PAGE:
WHAT IS AN IRS TAX LIEN AND HOW DOES IT AFFECT ME?

An IRS tax lien is a legal claim on your property for the amount owed. An IRS tax lien is also the legal right to collect on the amount owed.

An IRS Tax lien starts when a tax is assessed and you don’t pay it. For example, if you file a tax return owing $50,000 and you do not pay it, then you will be “assessed” the tax, penalty and interest on that $50,000. The IRS will send you a “Notice and Demand” asking you to pay the assessed balance. You are usually given 10 days to make the payment. If you do not pay it within 10 days, then a lien arises automatically dating back to the time the assessment was made. This is what I would call a silent tax lien or statutory lien because no one really knows it is there and it is created by federal statute, Internal Revenue Code sections 6321 and 6322.

The statutory lien that arose when your tax liability was assessed allows the IRS to start collections. We normally associate creditor collections with a judgment obtained via litigation or a UCC filing given voluntarily by the debtor allowing the creditor to take your property or money without your consent. However, the IRS need not obtain a judgment like other creditors in order to forcibly collect monies due. In this regard, the IRS is a “supercreditor.”

The IRS will usually file a Notice of Federal Tax Lien eventually. This gives notice to other creditors and the public of the IRS priority on your property. However, the IRS does not need to file its tax lien before it garnishes wages or levies bank accounts. More about “filed” tax liens below.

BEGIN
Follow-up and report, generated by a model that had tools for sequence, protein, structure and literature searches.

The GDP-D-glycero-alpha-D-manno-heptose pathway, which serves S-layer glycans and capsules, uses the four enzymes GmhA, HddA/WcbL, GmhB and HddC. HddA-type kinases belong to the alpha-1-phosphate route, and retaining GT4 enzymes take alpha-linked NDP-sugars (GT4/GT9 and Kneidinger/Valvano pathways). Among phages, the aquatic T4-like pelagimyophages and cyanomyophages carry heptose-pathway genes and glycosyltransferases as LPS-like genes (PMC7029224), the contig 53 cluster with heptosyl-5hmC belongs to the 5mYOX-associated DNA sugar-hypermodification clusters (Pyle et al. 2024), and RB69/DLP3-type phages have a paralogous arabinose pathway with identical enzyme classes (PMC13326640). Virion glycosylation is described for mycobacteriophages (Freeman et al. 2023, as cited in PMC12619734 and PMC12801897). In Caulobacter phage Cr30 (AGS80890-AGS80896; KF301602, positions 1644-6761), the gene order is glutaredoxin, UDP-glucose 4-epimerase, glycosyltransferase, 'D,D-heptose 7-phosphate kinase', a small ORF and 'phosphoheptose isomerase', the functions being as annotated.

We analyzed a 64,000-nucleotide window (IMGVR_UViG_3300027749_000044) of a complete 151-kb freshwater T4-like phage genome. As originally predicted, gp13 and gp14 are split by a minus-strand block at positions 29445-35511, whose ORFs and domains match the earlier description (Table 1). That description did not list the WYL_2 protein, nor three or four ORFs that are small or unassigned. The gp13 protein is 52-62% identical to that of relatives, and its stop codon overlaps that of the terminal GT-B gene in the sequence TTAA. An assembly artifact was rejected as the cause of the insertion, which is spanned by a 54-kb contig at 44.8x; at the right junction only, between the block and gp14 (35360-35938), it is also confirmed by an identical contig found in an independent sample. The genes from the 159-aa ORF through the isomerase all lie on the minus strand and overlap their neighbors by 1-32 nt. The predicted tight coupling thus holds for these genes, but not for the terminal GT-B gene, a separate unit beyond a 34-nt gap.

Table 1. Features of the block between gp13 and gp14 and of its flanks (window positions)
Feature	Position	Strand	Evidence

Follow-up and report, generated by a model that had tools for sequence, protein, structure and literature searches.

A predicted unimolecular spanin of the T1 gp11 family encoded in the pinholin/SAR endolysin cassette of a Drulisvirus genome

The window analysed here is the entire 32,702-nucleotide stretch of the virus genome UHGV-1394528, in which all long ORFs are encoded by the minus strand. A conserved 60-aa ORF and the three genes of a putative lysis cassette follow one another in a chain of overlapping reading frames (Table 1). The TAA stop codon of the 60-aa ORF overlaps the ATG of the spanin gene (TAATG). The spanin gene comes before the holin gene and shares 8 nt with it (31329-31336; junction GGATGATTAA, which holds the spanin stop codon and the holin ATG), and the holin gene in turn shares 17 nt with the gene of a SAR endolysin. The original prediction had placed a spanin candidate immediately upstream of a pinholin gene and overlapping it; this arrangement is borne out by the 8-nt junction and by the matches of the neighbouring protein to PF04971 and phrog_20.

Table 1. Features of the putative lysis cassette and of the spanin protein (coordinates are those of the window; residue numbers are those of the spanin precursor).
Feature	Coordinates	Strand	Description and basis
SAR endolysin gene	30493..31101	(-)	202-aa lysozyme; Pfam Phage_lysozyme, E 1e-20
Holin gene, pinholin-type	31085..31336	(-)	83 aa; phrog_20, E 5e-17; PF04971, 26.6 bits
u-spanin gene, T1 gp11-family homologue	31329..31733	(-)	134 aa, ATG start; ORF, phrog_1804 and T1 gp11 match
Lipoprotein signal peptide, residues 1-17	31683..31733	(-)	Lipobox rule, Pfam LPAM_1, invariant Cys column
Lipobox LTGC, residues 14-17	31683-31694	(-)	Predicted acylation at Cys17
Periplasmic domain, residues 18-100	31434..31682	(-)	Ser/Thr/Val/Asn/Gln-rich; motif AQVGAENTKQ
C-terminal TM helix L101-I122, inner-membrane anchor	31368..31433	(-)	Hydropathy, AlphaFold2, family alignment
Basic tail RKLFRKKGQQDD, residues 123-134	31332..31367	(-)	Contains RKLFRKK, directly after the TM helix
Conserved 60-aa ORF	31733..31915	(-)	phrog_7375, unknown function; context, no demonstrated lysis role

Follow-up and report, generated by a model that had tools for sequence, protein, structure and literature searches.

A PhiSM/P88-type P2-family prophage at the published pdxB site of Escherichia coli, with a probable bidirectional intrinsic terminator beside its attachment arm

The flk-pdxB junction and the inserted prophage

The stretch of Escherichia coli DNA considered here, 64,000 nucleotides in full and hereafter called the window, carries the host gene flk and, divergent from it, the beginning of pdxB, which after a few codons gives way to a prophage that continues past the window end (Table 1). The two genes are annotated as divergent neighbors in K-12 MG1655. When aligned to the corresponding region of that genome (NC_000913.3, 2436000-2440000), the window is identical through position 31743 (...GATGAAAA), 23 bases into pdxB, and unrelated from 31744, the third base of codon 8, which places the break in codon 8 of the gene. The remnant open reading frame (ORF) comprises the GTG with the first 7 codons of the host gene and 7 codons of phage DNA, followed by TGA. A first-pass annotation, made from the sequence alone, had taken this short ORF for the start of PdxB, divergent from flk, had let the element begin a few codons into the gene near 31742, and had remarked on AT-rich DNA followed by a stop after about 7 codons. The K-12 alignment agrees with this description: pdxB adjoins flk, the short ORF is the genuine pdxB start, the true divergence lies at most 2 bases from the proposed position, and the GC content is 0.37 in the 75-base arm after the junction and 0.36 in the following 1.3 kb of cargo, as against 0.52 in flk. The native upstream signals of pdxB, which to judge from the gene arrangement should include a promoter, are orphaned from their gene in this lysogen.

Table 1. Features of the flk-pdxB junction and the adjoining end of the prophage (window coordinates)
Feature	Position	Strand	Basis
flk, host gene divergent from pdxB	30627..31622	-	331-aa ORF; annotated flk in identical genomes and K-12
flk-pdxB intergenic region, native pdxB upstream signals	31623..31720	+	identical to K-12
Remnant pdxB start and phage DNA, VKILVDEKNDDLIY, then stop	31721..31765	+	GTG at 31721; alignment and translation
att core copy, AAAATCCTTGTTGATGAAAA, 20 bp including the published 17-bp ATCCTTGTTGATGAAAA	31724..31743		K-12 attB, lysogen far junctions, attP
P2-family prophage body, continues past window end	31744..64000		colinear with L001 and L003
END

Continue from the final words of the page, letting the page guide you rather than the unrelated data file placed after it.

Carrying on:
Internal Revenue Code Section 6322 authorizes a general tax lien to remain in place until the liability is paid or the lien becomes unenforceable by lapse of time. The life span of the general tax lien is 10 years because the IRC allows 10 years under Section 6502 for the IRS to collect upon its lien. As an example, if the above $50,000 tax balance was from a return filed on April 15, 2015, then the IRS has until April 15 2025 to collect it. Thus, the lien remains intact until April 15, 2025 and is then automatically released.

Havoc may ensue due to the general tax lien IF YOU DO NOTHING. The general tax lien coupled with a notice of intent to levy makes it lawful for the IRS to levy your bank account, seize non-exempt assets, levy accounts receivable, and garnish wages and social security benefits. Start dealing with the debt by filing any missing returns, paying your current taxes, setting up a payment plan, and contacting an attorney with experience handling tax collection cases to help you.

If you own a corporation or LLC and it owes taxes, whether income tax or employment tax or penalties, the lien only applies to property owned by the corporation or LLC (though, note that the IRS may eventually hold responsible persons within a corporation or LLC personally responsible for unpaid “trust taxes,” after which it may file a lien against those individuals). An IRS lien filed against a corporation or LLC does not extend to the owner(s) or the owner’s property, and vice versa. The IRS tax lien covers all property and “rights” to property owned by the taxpayer/debtor regardless of where the property is located or who currently possesses the property. There are a few exemptions from the lien coverage which fit into the category of basic living allowances such as food, clothing, a portion of your wages, and unemployment income (See IRC 6334).

Like other creditors, the government has to “file” its lien in order to give notice to other creditors of its claim on your property. There is no precise prediction for when a lien will be filed. But generally, the higher the liability and the more time has passed after the initial assessment, the more likely it is that the IRS will file its lien.